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Fakulteta za šport

History of the Faculty of Sport

Parallel to the introduction of physical practice or “exercising” or, in some places, “gymnastics”, later on “physical education”, as a regular subject into the curricula (in the Austro-Hungarian empire in 1869) and to the emergence of a large number of societies for exercising and sports activities in the 19th and 20th centuries, the question of the professional field and professionals arose. In schools, the problem was solved with public professional courses (the first one was held in Vienna in 1871). Civil society, however, organized specialist professional courses for instructors. In Slovenia, such courses were introduced by Viktor Murnik in the mid-1890s within the framework of the Sokol gymnastic society.

When the Austro-Hungarian empire disintegrated and when the Yugoslav state was founded, the Slovene elements were introduced into schools and “physical education” was introduced according to the Sokol gymnastic society system. The education of professionals needed in schools and in practice was based on the Sokol professional courses. In the 1930s, the Ministry of Physical Education of the Nation established the College for Physical Education in Belgrade, which began working in 1938. Parallel to that, Drago Ulaga, a graduate of the Berlin Higher School for Physical Education, prepared plans for the study of physical education within the Ljubljana Faculty of Arts shortly before World War II, but the attack on Yugoslavia in April 1941 and World War II interrupted the initiatives.

With the revival of physical education after World War II, the need for professional education and organization of either school or chair emerged again. In November 1946, the Institute for Physical Culture with the seat in Tabor in Ljubljana was established in Slovenia, its aim being “to educate professionals for schools, societies of physical culture and other institutions and to make scientific research into the issues of physical education”. In the following school years, a one-year course was reorganized in accordance with the state guidelines to become a three-year and later on a four-year secondary school course. The study took place in Belgrade at the State Institute for Physical Culture. Since in the decade following World War II, the demand for suitable college or higher school education of teachers working in schools increased, which also touched upon the problems of physical education teachers, the idea concerning a domestic college came into existence. In November 1953, the Institute for Physical Education was established in Ljubljana, with the status of a college. The tasks of the Institute were “the education of highly qualified physical education teachers as well as the scientific study of all the issues of physical education and the help offered to physical education organizations in making progress”. The study comprised six semesters and was organized in Tabor and in some other places. In March 1956, the Institute was renamed College of Physical Education and a dancing school also became part of it.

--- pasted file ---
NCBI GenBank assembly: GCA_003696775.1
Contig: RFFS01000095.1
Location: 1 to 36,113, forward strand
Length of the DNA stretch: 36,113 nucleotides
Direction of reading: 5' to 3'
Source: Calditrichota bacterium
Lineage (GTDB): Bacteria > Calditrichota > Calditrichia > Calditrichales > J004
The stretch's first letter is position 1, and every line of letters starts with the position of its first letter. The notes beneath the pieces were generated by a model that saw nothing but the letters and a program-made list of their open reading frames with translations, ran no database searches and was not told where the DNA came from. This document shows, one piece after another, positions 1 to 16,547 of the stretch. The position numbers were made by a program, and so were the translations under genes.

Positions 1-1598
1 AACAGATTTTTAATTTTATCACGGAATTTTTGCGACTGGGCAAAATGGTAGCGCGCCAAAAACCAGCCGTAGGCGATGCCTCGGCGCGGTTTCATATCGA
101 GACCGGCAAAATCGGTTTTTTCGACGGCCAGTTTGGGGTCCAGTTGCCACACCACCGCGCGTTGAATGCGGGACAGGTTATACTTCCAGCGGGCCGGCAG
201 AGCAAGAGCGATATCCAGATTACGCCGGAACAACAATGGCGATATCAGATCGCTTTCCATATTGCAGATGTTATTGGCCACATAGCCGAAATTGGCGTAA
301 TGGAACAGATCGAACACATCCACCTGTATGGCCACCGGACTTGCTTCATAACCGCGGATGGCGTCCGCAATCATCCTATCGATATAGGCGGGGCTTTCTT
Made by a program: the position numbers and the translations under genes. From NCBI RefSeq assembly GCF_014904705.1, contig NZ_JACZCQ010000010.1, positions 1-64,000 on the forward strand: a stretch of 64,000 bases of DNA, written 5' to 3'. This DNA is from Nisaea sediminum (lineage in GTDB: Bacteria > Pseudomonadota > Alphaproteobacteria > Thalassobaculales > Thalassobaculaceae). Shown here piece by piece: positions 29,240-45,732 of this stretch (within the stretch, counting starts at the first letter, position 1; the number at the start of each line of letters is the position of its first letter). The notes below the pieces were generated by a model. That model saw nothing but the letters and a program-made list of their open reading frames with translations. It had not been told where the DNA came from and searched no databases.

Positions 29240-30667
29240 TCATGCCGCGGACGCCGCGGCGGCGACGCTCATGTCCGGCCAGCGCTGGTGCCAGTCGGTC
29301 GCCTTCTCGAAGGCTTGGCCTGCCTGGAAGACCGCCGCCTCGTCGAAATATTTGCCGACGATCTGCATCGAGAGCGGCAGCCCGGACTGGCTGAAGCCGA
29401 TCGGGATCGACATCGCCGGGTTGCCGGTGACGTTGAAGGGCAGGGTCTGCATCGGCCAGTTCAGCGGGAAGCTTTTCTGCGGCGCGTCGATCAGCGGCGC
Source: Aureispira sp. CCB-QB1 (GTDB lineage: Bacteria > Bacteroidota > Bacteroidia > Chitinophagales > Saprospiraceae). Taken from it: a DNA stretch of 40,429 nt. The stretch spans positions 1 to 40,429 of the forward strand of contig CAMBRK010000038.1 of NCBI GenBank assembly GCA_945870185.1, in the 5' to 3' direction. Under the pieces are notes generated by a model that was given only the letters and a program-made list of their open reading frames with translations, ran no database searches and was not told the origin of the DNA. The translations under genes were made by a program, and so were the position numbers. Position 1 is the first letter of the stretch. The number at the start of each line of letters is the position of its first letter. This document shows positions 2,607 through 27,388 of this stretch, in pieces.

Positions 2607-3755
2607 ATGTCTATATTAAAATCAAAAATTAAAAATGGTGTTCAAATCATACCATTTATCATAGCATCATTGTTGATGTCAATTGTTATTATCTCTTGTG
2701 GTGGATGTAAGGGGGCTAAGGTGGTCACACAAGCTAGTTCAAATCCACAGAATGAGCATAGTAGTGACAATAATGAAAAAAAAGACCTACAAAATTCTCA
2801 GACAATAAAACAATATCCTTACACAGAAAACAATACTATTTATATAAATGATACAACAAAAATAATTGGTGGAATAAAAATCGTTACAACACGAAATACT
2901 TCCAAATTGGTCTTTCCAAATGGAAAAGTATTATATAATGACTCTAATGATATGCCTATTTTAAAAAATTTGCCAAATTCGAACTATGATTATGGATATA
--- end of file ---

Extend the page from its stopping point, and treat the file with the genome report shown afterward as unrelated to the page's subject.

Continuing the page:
An important professional and research step forward was when the College for Physical Education developed into the Higher School for Physical Culture in July 1960. The task was “to prepare highly qualified experts for the entire area of physical culture, particularly for the needs of schools and organizations for physical education” and “to organize and advance scientific work and educate professionals in the field of physical education”. In 1964, the Higher School for Physical Culture obtained new, more suitable facilities in Kodeljevo. In new working conditions and in accordance with the then guidelines of higher education, a two-cycle study that was upgraded with a master’s degree in 1964 and later with a PhD degree was organized. Regarding the then reforms in the physical culture and the introduction of fields and forms of physical education, recreation and sport, “the aim and the purpose of the study was to educate physical education teachers for educational organizations, sports societies, organizations of associated labour, working communities, local communities and tourism”.

The Higher School for Physical Culture became part of the University of Ljubljana in 1975. In 1982, it initiated a procedure on the basis of the past academic and research development to be renamed Faculty of Physical Culture. In March 1982, the University Council supported “the endeavours of the Higher School for Physical Culture to be renamed the Faculty of Physical Culture” on the basis of the “assessment of ... the development” and “the achievements in the pedagogical as well as in research work” as well as on the basis of the reputation gained at home and internationally. In 1990, the Faculty was renamed the Faculty of Sport and has been known under this name ever since.